Group 1Prior to testing, individuals in landing Group 1 completed a fiveminute warmup on a cycle ergometer at a selfselected speed and resistance. Following the warmup, subjects participated in a 60 minute session consisting of three to five practice and 100 experimental stepoff landing trials. Subjects received a oneminute rest following every 10 trials. Only the first 20 usable trials were included in the stability analysis in the current investigation. To perform the experimental landings, an adjustable wooden platform (0.61 m) was positioned and aligned so that subjects would stepoff with their right foot and land bilaterally with their right foot on a force platform (Model OR672000 and SGA6 bridge amplifier; Advanced Mechanical Technology Inc., Watertown, MA, USA) inset into the ground and their left foot on the adjacent floor. Subjects were not given explicit instructions about their landing technique, but were encouraged to land consistently and in a sportready position. The force platform was interfaced to an Ariel Performance Analysis System (analog module; San Diego, CA, USA) and data were sampled at 1000 Hz for 10 ms prior to and 190 ms following initial ground contact. Both the force platform and surrounding floor were individually covered with a 2.5 cm thick artificial turf surface that was affixed to the underfloor by adhesive tape.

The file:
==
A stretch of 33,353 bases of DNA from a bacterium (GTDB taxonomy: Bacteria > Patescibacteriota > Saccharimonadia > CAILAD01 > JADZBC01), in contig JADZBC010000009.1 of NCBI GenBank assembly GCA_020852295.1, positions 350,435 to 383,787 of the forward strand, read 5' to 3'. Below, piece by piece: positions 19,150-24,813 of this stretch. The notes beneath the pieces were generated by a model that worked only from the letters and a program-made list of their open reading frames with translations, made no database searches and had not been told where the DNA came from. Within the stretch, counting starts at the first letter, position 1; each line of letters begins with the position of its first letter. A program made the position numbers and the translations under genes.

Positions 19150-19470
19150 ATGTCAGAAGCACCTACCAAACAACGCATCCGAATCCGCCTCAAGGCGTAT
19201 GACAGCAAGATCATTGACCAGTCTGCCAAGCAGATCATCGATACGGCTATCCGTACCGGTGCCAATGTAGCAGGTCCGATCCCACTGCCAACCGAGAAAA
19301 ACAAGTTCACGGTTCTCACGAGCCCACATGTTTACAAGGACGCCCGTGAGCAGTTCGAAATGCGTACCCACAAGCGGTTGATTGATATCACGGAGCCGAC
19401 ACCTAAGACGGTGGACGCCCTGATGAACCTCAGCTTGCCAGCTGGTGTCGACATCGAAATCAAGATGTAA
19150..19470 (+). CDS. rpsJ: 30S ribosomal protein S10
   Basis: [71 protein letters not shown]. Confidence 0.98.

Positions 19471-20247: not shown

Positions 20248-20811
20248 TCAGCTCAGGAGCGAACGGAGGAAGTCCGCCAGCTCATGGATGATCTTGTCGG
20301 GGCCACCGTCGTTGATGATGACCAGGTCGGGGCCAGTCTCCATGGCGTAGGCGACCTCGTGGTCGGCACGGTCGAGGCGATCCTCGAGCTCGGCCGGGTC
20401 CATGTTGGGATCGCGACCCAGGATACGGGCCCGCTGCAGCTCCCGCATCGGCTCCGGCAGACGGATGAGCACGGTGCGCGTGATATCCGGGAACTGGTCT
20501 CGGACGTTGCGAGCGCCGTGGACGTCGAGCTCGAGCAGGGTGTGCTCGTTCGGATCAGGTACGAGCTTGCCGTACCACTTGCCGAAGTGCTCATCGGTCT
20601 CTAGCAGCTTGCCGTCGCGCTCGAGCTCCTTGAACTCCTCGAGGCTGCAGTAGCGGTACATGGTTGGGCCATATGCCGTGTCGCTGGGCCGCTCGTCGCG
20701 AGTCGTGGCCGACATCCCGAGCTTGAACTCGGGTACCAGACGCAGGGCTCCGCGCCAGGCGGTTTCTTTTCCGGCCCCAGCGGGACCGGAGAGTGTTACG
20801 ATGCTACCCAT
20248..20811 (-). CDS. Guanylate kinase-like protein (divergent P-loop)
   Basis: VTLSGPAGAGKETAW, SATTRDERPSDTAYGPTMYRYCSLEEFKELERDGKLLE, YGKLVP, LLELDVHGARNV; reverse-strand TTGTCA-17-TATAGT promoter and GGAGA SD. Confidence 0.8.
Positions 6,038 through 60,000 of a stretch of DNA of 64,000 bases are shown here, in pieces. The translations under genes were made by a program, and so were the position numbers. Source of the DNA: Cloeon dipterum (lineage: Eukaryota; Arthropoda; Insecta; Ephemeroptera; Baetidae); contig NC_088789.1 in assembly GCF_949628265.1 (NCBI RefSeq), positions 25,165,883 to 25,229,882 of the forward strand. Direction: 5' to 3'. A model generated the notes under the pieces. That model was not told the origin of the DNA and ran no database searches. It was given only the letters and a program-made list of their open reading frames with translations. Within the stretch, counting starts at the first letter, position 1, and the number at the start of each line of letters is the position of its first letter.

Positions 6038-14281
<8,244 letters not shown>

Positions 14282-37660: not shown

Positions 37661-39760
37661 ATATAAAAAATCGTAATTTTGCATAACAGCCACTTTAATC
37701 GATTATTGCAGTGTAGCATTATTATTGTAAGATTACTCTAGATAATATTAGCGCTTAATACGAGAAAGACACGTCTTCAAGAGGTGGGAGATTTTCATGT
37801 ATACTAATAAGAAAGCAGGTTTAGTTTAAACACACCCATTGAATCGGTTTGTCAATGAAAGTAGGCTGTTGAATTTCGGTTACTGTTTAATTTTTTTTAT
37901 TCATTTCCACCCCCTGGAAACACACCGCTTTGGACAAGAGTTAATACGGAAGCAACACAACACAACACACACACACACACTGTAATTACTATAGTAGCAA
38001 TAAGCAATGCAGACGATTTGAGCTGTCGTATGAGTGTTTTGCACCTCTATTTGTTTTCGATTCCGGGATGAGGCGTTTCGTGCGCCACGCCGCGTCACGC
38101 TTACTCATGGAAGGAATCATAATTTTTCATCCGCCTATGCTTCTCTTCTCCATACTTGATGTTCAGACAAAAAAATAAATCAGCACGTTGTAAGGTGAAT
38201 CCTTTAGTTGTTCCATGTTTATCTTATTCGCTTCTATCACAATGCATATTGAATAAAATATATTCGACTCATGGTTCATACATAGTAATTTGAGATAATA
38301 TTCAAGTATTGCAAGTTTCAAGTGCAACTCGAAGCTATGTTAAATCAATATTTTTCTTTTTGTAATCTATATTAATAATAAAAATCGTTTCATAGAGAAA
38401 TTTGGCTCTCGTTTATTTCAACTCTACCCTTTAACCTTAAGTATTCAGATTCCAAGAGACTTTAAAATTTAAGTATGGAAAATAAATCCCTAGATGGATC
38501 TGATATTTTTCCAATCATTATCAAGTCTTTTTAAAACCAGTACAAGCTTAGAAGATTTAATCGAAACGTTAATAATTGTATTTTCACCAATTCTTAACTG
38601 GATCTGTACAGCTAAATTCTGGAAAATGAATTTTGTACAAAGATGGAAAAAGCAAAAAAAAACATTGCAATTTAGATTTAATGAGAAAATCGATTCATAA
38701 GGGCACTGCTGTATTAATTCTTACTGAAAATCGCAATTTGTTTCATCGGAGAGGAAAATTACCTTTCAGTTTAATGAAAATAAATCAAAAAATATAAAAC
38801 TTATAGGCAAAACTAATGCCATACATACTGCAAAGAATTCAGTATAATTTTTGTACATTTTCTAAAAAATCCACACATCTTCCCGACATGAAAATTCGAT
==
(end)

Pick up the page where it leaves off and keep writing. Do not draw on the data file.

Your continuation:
Group 2The protocol for subjects in landing Group 2 has been described elsewhere (James et al., 2006) and the relevant parts are presented here briefly. Prior to testing, subjects performed a selfdirected warmup consisting of light calisthenics and stretching. Following the warmup, subjects participated in a testing session in which approximately 30 drop landing trials (0.60 m landing height) were performed in each of two experimental conditions, nonfatigued and fatigued. Only the first 20 usable nonfatigued landings were included in the stability analysis in the current investigation. In the earlier study (James et al., 2006), the first 10 trials were designated as practice trials for the purposes of that protocol. However, in the current study the first 10 trials were included as trials of interest. Drop landings were initiated by the subjects after hanging by their hands from an adjustable overhead bar. Subjects landed bilaterally with each foot on separate but adjacent force platforms (Model OR651, Advanced Mechanical Technology, Inc., Watertown, MA). Only left side ground reaction force data were used in the current study. Similar to the subjects in Group 1, subjects in Group 2 were not given explicit instructions about their landing technique, but were encouraged to land consistently and in a sportready position. Ground reaction force data were sampled at 1000 Hz and recorded for 400 ms prior to and 200 ms following initial ground contact. Data were sampled and stored using a Modular Data Acquisition System (Model 7000, TransEra Corp., Orem, UT) interfaced to a laptop computer.